Hear No Jesus, See No Jesus, Speak No Jesus

David Norczyk
4 min readSep 5, 2022


When our Lord Jesus opened the eyes of the blind, His miracle illumined the spiritual reality of humanity. Fallen man is blind to the things of God (1 Cor 2:14).

The natural man lives in the domain of darkness (Col 1:13). Men love the darkness because their deeds are evil (Jn 3:19). It is the god of this world, Satan, who has blinded the minds of those who do not believe the Gospel of Jesus Christ (2 Cor 4:3-4).

Jesus is the Light that came into the darkness (Jn 1:5), but many did not receive Him as the Light of the world (Jn 8:12). They were not like the Greeks who came to Philip, wanting to see Jesus (Jn 12:20–21). They did not comprehend the identity of the promised Messiah (Jn 10:30), who was God enfleshed (Jn 1:1, 14).

Man was created with a body and a soul (Gen 1–2). He is both spirit and flesh. God is Spirit (Jn 4:24), but fallen man is dead to God because of sin (Eph 2:1). There is nothing in him that will cause him to look to Jesus for deliverance (Rom 3:10–12). The snake-bitten Israelites were healed by looking at the bronze serpent, set on a standard by Moses (Num 21:8–9). God showed them that He had the wisdom and power to deliver them, even so the Son of man be lifted up (Jn 3:14).

John the Baptist was the fulfillment of Isaiah’s prophecy of a voice crying in the wilderness (Is 40:3; Jn 1:23). When he looked up, seeing Jesus as He walked, the wilderness preacher declared, “Behold the Lamb of God (Jn 1:36).” “Behold” is a word that means, “take a good long look.” It’s as if the preacher was saying, “Stop what you are doing…look at this Man…and keep your eyes on Jesus, the author and perfecter of your faith (Heb 12:2).”

Faith comes by hearing (Rom 10:17). The elect hear the voice that causes them to look up from whatever lust has entranced them (1 Jn 2:15–17). This teaches us the essential role of Christian preaching. Without the voice, men will not look.

To hear the voice of the Good Shepherd is to know He is calling you to Himself. You listen and you follow Him in obedience. In order to follow, you must see Him as He is in truth (Jn 14:6; Eph 4:21). He is revealed to those who have ears to hear and eyes to see.

This is not possible for the deaf and blind. The deaf man never says, “Oh, I hear you.” The blind man never says, “Oh, now I see.” The gift of hearing and seeing come to some, but not all. Jesus walked among the invalids at the pools of Bethesda (Jn 5), but only one lame man was healed by Him, then and there. Jesus isolated people like Zacchaeus and Bartimaeus. He knew them, and He gave them sight. Zacchaeus repented because he saw the salvation of the Lord with spiritual eyes. The son of Timaeus also saw with his own eyes, the Savior Himself. Jesus made them to know Him.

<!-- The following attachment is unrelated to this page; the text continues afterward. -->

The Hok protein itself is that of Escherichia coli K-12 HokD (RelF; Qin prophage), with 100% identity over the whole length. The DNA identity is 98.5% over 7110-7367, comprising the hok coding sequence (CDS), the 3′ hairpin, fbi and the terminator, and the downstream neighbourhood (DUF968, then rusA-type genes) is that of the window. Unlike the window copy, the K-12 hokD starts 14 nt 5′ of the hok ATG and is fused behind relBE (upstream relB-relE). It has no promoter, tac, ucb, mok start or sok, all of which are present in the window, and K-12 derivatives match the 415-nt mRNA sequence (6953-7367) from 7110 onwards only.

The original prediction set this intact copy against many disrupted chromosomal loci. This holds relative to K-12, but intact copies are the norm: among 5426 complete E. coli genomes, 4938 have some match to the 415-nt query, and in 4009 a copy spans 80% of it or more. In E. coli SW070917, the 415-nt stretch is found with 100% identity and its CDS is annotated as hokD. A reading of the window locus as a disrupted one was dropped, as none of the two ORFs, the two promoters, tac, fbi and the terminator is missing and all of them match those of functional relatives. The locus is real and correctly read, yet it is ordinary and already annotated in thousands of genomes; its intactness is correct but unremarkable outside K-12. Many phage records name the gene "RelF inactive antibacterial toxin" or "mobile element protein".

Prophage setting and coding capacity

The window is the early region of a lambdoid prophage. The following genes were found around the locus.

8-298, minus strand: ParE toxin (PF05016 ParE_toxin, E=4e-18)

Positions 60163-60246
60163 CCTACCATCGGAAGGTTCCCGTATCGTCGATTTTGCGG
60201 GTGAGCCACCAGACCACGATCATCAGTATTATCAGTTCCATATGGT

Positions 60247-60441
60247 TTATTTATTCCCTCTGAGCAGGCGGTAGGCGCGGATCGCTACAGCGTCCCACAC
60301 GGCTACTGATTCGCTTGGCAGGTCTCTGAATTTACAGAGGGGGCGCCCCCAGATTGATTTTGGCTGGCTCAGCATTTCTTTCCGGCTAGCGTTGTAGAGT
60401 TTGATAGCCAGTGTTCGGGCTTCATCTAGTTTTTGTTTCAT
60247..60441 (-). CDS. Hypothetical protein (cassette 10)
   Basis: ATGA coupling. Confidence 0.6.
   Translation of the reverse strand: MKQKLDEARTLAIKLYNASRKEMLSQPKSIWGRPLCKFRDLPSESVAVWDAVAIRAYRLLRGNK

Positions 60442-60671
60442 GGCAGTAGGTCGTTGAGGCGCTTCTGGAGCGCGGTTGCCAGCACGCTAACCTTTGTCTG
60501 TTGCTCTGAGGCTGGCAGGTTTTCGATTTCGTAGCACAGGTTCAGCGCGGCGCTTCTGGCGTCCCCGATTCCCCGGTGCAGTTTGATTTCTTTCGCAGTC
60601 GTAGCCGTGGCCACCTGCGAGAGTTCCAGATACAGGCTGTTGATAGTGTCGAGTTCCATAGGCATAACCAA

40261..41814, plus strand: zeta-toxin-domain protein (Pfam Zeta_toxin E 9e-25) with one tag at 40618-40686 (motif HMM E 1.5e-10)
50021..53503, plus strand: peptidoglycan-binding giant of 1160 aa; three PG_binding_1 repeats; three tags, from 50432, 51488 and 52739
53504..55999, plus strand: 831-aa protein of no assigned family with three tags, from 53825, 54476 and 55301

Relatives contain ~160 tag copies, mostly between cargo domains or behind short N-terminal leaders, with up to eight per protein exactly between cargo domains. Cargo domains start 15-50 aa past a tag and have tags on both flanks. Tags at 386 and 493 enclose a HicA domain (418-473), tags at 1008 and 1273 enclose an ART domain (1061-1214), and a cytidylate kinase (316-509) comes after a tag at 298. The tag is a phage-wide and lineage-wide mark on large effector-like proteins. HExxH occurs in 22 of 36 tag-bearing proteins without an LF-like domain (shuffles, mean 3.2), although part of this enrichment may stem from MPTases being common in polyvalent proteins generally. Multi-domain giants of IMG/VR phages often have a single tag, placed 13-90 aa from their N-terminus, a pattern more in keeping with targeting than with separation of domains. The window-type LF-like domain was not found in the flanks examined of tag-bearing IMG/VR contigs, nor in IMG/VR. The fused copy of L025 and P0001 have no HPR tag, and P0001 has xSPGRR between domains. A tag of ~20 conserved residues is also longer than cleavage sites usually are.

We must not take David’s words for granted, “To Thee I lift up my eyes, O Thou who art enthroned in the heavens (Ps 123:1)!” To see Jesus, high and lifted up, is for those who have been given spiritual eyes. It is a stunning grace afforded to whomever God has chosen to receive their view of the exalted Christ.

Having been given eyes to see, the Christian now waits for his Master to move. The Christian life is one of waiting. We attend to the Lord, until He is gracious to us (Ps 123:2–3). Grace is God’s work, as it pertains to His chosen people. He is the One who accomplishes what concerns us (Ps 57:2; 138:8). The psalmist assures us, “He (God) will do it (Ps 37:5).”

Attending to the Lord is not passive. Jesus assured His detractors that He was at work even as His Father in heaven was (and is) at work (Jn 5:17). Still, Jesus always did what was pleasing to His Father. No doubt He received His instructions early in the morning, alone, on a high mountain. Christians should ever be in prayer, “Be gracious to us, O Lord, be gracious to us (123:3a).”

The children of light have defected from the dominion of Satan (Acts 26:18). Having been brought into the kingdom of God’s beloved Son, there is contempt from the world (123:3b). The scoffer includes the Christian, along with Christ, as the object of his scorn. In his insolent pride, he looks down from his lofty perch, upon those who name Christ as Lord. The mocker laughs when the slave of Christ expresses his love for and desired obedience to the King of kings (Eph 6:6; 1 Tim 6:15; Rev 17:14).

Those who are at ease on their self-made thrones, esteem themselves in blind arrogance. Remember, they cannot see the glory of the one and only Savior of sinners, who is Lord of all (Acts 10:36). In the midst of the mass of sinners, here are those whom God has chosen from eternity past (Eph 1:4–5), to receive so great a salvation. For these elect, we suffer in our service as unto the Lord (2 Tim 2:10).

Christian, never forget that the world does not know God. They cannot see the person and work of Jesus Christ. They have not heard, nor have they seen, but you have received mercy and grace for life and ministry. You have heard Jesus. You have seen Jesus. You know Jesus. You speak of Jesus. They have not heard, nor seen, nor do they know Him, in order to speak of Him.

As you wait for the Spirit of the Lord to guide you to your next conversation, listen to the voice of Christ on the pages of the Bible. He will surely be gracious, to show you more of Himself that you might hear, see, and know…all the more, in order to bear witness of Him, as He sends you into all the world, to proclaim His excellencies.

David Norczyk

Spokane Valley, Washington

September 5, 2022



David Norczyk

Some random theologian out West somewhere, Christian writer, preacher